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Academics, Service, and God's Word

Family Service Hours

Family Volunteer Hours Handbook and
Mandatory Reporter Guidelines


All families are asked to donate 26 volunteer hours to Trinity Lutheran School. The categories in which families can earn hours vary. A list of approved activities is available in the school office. All volunteers that work with or around the students are required to have a background check completed annually. Drivers must undergo an additional driving record check. Both checks must be completed before volunteer work may begin. The fees associated with these checks for 1 member of each family will be paid by the school. Additional volunteers are responsible for the fees. Volunteer - $10  Volunteer/Driver - $28. A running list of approved volunteers/drivers will be maintained by the school office.

Parents, grandparents, and guardians of students may contribute to the 26-hour requirement. Service hours run from June 1 through the last day of school in May. The following will be given a maximum total of 26 hours for each position:  coaching staff, school board member, and Trinity Booster officer. A $100 fee will be added to a family’s total tuition at the beginning of their payment plan. Upon completion of the 26 hours, a credit of $100 will be rolled over for each year that the requirement is met. The credit may be used towards the 8th Grade graduation fee. Annual hours required may be adjusted for families with late enrollment.
Volunteering for 8th Grade class trip fundraisers does not count towards the Family Volunteer Hours.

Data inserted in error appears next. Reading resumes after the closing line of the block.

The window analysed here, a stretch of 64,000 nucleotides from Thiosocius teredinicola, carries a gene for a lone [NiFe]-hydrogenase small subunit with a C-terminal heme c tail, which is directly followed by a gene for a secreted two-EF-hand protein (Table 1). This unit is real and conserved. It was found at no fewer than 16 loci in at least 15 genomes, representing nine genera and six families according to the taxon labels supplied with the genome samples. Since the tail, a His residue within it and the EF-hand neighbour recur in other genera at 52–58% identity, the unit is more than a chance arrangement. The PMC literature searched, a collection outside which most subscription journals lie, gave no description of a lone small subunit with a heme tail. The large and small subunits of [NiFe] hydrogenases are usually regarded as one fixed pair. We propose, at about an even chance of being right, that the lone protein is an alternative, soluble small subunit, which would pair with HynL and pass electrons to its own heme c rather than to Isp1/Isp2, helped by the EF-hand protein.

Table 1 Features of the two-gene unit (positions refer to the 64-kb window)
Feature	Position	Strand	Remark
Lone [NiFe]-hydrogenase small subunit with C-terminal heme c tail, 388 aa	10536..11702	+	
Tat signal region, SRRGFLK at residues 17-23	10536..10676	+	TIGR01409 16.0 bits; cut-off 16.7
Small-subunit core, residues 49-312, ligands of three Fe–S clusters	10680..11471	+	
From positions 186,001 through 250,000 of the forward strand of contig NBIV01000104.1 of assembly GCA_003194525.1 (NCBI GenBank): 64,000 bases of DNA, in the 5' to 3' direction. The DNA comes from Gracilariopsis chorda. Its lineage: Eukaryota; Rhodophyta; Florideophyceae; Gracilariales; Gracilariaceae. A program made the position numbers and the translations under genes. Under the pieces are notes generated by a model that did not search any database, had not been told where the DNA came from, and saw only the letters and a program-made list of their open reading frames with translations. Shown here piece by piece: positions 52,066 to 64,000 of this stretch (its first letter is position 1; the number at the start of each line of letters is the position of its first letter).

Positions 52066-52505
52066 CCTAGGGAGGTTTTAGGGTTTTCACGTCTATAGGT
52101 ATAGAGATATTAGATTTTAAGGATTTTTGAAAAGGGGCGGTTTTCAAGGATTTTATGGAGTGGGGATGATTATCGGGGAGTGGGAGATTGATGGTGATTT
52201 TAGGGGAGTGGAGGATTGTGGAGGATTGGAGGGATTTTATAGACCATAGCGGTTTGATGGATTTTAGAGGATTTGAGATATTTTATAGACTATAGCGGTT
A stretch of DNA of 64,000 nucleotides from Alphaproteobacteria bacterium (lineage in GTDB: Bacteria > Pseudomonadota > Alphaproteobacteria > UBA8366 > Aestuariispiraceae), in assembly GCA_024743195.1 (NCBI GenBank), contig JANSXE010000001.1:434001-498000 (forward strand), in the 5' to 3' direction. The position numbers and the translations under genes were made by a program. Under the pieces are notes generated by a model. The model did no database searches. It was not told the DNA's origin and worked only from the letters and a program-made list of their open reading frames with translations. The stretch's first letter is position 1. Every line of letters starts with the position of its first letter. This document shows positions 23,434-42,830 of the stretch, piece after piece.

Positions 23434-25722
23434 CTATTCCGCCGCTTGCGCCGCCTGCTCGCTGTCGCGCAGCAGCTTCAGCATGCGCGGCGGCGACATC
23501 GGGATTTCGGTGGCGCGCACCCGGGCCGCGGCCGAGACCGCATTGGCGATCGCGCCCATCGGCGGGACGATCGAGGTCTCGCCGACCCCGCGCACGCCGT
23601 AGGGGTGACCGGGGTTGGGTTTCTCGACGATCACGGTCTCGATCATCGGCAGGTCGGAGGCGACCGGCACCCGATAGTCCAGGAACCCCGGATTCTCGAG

Trinity Lutheran School is committed to providing a safe and secure environment for all students and volunteers who participate in the school activities.  We pray that the school will be a place to experience God’s love through relationships with His people.
For the purpose of this handbook any parent, grandparent, and/or guardian who is fulfilling their required family service hours will be referred to as volunteers.
Family Service Hours Guidelines
  • Volunteers are expected to be free of any convictions of child abuse (sexual, physical, and/or emotional).
  • Volunteers are expected to sign in each time they provide service at school.
  • Volunteers are expected to observe the practice of “two adults per child” at all times so that no one is alone with a child or the children. (The “two adults per child” includes the teacher supervising a volunteer).
  • Volunteers are expected to report immediately to the supervising teacher, and/or the administrator, any observed inappropriate or abusive behavior. 
  • Volunteers are expected to discuss only with the supervising teacher or the administrator any situations that occur which are observed.  Other volunteers or parents are NOT to be informed of these situations.  Strict confidentiality is important in order to establish an atmosphere of trust.
  • Volunteers, who are not feeling well, are expected to excuse themselves from working with the children until they are feeling better.
  • Volunteers are expected to call the school office or the teacher when they are unable to make their volunteer times.
  • Volunteers are expected to clarify their next scheduled visit time before leaving the school
  • Scheduled volunteers are subject to background checks.  It is the policy of Trinity Lutheran School that all volunteers are required to have background checks.
  • Scheduled volunteer names are annually shared with the Board of Education.